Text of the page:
We must reduce animal consumption to hit new climate change targets, says The Vegan Society





If the UK is to have any chance of meeting its new climate change targets, it must encourage a significant shift away from animal products, says The Vegan Society.

The UK yesterday announced its commitment to cutting carbon emissions by 57% by 2032, from 1990 levels. Yet according to the government’s official climate change advisors, the current policies which focus narrowly on the energy, transport and waste sectors fall well short of those required for the new target.

Meanwhile, animal agriculture continues to be ignored at a policy level. This is despite it being one of the leading causes of climate change, responsible for more greenhouse gas emissions (at least 14.5%) than all global transport – cars, trains, planes, ships – combined.

“What we desperately need is a public education campaign on the disastrous environmental impact of animal agriculture. Most people in this country still have little idea that the production of meat, fish and dairy products is destroying the planet,” said Jimmy Pierson, spokesperson for The Vegan Society.

“Policies and initiatives are also needed if we are to have any meaningful impact. If we want a blueprint then look to China, who recently announced its plan to reduce meat consumption by 50% to tackle climate change. China is really leading the way on this, and we should follow.”

Animal agriculture emits high levels of CO2 – around 3.2 million tonnes every year – through activities such as land change, feed production and manure management. Cattle also produce large amounts of methane, a highly potent greenhouse gas: your average cow produces around 700 litres of methane per day, the equivalent of a large 4×4 vehicle travelling 35 miles in a day.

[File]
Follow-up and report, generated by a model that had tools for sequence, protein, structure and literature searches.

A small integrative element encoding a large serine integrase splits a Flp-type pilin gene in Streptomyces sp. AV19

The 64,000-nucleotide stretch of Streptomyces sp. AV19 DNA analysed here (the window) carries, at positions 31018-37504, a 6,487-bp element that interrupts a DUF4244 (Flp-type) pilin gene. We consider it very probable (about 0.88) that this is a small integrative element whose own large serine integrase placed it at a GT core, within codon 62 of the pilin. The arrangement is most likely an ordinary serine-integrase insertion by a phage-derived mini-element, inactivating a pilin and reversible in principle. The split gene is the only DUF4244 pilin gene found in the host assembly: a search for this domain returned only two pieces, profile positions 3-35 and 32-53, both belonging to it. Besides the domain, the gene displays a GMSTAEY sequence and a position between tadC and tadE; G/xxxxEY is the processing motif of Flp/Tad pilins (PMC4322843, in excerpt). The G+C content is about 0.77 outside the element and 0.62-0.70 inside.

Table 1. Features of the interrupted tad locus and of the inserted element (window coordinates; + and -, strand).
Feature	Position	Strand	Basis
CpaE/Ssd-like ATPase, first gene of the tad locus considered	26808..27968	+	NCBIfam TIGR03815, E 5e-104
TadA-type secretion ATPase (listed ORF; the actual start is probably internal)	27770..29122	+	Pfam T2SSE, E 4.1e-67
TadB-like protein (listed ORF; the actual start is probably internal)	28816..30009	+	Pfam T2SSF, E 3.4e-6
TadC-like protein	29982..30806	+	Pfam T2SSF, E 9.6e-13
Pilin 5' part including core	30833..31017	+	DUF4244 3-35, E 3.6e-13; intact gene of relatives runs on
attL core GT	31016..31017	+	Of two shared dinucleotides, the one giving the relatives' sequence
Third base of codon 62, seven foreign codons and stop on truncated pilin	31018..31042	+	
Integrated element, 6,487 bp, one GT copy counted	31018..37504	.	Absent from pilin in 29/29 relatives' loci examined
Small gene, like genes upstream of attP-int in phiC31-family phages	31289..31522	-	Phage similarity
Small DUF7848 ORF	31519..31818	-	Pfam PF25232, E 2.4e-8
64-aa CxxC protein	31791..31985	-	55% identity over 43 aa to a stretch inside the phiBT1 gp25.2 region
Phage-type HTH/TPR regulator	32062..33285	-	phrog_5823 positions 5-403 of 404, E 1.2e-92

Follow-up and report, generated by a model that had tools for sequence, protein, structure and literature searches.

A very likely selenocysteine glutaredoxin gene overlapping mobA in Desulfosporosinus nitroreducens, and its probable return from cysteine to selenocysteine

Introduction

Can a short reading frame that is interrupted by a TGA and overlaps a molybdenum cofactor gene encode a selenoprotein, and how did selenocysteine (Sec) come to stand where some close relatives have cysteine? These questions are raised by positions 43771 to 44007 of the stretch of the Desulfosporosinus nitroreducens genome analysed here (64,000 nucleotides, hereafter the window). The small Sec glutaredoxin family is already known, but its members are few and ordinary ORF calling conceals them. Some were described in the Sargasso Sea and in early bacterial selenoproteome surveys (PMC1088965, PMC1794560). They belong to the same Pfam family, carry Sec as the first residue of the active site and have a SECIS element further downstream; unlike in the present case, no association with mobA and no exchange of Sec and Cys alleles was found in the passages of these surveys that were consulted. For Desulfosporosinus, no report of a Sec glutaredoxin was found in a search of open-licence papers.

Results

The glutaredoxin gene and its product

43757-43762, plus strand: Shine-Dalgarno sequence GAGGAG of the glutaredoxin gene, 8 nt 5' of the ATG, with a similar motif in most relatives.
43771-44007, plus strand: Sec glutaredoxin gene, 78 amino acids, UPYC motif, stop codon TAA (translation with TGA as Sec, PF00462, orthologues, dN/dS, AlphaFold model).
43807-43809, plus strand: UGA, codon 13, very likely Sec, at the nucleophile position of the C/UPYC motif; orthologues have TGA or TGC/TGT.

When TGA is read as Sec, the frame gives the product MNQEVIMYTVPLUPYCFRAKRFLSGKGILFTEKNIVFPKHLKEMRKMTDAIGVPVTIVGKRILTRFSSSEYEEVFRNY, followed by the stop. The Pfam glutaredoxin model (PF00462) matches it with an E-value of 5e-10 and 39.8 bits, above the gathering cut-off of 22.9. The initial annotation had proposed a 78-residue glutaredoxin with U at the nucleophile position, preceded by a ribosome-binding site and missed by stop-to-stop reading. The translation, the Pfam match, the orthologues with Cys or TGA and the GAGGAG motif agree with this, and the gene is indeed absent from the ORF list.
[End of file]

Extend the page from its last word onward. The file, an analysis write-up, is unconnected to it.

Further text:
Research by leading international think tank Chatham House last year identified animal agriculture as a primary driver of climate change, warning that ‘dietary change is essential’ if global warming is to not exceed the 2C limit imposed at the UN Climate Change Conference in Paris.

There have also been repeated calls by the Food and Agriculture Organisation of the UN for a global shift towards a vegan diet. In its landmark report in 2006 animal agriculture was described as ‘one of the most significant contributors to the most serious environmental problems, at every scale from local to global.’

“Animal agriculture doesn’t just contribute to climate change. It is also widely regarded as one of the leading causes of deforestation, habitat loss, species extinction, water consumption and ocean dead zones. Going vegan is the single best thing any individual can do to help secure the future of our planet,” added Pierson.

You can go vegan with The Vegan Society’s 30 Day Vegan Pledge (www.vegansociety.com/pledge). Sign up for free to receive daily emails providing advice, info and delicious recipes.

For more information, please contact Jimmy Pierson, Media Manager, The Vegan Society / [email protected] / 0121 523 1738 (office) / 07931 819 508 (out of hours).

The Vegan Society is a registered educational charity (no. 279228) that campaigns for change and provides information and guidance on all aspects of veganism.

Press release distributed by Pressat on behalf of The Vegan Society, on Friday 1 July, 2016. For more information subscribe and follow http://www.pressat.co.uk/


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